© 2022 WKSU
Public Radio News for Northeast Ohio
Play Live Radio
Next Up:
Available On Air Stations
https://youtu.be/BairWejCYY8On Monday, August 21st, a swath of the U.S. will be cast into darkness as the moon crosses between the Earth and the sun, creating a total solar eclipse, the first in the U.S in 40 years. WKSU and NPR bring you complete coverage of the preparations for the eclipse as well as the eclipse itself.A map showing the path of the solar eclipse across the U.S.

Cuyahoga Valley National Park, Great Lakes Science Center Among NE Ohio Watch-Party Hosts

photo of eclipse

Northeast Ohio will be filled with watch parties this afternoon for the solar eclipse, including one in the Cuyahoga Valley National Park.

From 1 p.m. until 3 p.m., sky gazers can gather in Howe Meadow in Peninsula to view the eclipse, the first total solar eclipse over the continental U.S. in 99 years. CVNP Ranger Ryan Ainger says eye protection is essential when looking at the eclipse, and the park has a very limited quantity on-hand for this afternoon.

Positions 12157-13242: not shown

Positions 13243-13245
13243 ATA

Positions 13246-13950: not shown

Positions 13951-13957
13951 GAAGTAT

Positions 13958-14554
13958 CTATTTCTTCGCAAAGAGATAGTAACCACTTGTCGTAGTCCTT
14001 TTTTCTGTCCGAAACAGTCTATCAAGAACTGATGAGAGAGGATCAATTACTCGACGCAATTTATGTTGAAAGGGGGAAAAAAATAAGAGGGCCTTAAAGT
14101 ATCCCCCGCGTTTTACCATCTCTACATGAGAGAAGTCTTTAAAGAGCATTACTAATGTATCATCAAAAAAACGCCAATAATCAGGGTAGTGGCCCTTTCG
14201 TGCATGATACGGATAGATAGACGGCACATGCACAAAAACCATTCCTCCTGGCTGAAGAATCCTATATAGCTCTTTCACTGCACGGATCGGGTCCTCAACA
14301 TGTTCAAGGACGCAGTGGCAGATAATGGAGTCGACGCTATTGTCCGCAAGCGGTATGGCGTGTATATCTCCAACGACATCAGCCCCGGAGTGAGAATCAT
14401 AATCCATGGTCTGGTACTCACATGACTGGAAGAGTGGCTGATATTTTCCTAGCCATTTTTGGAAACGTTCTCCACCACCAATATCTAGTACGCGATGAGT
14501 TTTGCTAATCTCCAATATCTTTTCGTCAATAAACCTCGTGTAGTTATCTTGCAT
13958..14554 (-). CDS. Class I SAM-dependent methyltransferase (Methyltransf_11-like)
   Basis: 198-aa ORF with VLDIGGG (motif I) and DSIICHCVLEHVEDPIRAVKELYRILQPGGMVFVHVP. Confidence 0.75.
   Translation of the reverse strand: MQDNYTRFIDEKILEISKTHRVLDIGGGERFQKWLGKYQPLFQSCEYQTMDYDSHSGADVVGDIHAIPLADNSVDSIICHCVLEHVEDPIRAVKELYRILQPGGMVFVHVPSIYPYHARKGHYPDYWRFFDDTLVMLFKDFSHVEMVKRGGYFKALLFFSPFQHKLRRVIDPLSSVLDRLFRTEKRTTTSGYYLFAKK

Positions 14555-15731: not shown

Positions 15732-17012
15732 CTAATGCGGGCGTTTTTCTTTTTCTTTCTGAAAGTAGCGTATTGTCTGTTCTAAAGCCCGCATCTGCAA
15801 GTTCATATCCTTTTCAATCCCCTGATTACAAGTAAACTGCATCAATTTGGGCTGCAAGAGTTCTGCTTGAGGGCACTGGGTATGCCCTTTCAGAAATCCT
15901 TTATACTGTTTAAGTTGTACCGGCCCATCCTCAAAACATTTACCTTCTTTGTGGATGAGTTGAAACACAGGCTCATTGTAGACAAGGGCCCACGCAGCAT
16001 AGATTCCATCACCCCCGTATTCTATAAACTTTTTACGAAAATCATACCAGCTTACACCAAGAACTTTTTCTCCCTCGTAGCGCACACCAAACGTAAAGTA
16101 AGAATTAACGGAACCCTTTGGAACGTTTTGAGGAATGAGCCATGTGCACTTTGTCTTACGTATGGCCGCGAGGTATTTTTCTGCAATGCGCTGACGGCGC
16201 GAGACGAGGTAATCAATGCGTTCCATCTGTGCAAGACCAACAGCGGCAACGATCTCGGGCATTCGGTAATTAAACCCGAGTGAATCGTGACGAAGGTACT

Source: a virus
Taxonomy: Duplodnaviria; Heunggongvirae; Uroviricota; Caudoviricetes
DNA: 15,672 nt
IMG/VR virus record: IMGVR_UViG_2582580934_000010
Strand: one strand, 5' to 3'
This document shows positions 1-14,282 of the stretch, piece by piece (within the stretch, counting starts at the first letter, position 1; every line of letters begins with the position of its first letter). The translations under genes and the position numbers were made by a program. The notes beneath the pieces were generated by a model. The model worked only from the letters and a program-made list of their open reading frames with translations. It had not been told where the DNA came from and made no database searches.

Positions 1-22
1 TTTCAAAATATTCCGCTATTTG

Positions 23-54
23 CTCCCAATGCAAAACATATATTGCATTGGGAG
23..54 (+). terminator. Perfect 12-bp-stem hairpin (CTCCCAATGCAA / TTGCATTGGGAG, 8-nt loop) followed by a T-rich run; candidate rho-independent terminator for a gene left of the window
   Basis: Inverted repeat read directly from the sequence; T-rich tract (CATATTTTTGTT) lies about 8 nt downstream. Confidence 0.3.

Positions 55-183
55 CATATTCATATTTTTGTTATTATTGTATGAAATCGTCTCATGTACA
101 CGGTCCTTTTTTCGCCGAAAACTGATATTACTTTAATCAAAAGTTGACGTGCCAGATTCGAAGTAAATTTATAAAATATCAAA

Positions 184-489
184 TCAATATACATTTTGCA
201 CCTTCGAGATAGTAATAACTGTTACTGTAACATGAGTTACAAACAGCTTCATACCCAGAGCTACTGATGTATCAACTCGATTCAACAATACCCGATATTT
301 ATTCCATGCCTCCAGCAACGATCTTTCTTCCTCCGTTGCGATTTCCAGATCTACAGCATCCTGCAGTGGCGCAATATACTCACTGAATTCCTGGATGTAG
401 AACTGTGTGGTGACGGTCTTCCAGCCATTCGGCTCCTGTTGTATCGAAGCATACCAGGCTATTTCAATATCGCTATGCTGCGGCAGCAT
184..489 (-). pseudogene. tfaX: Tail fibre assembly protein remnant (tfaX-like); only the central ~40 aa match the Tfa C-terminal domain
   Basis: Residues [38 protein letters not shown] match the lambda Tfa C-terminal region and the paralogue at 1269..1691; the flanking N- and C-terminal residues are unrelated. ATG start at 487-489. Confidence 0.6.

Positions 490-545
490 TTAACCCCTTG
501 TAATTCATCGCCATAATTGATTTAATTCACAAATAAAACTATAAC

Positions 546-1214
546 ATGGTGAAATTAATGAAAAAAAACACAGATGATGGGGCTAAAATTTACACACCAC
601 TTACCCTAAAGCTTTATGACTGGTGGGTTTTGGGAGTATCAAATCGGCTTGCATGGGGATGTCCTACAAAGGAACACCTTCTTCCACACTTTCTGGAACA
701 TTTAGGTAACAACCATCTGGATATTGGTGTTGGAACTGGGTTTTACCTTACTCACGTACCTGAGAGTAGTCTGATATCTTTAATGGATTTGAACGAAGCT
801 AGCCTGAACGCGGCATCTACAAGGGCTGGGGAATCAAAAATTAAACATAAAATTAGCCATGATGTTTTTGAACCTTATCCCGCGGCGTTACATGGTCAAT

“We’ll be giving out one pair of glasses per family until we run out. But we’ll also have the pinhole projection cards available for people as well as a couple crafts where you can make your own pinhole viewer as well.”

The first 1,000 people who purchase admission to the Great Lakes Science Center can also get a free pair of eclipse glasses. And the Lake Erie Nature and Science Center in Bay Village will have two telescopes available for viewing.

More details about watch parties, eye protection and a link to the live feed from NASA are available here.

Kabir Bhatia is a senior reporter for Ideastream Public Media's arts & culture team.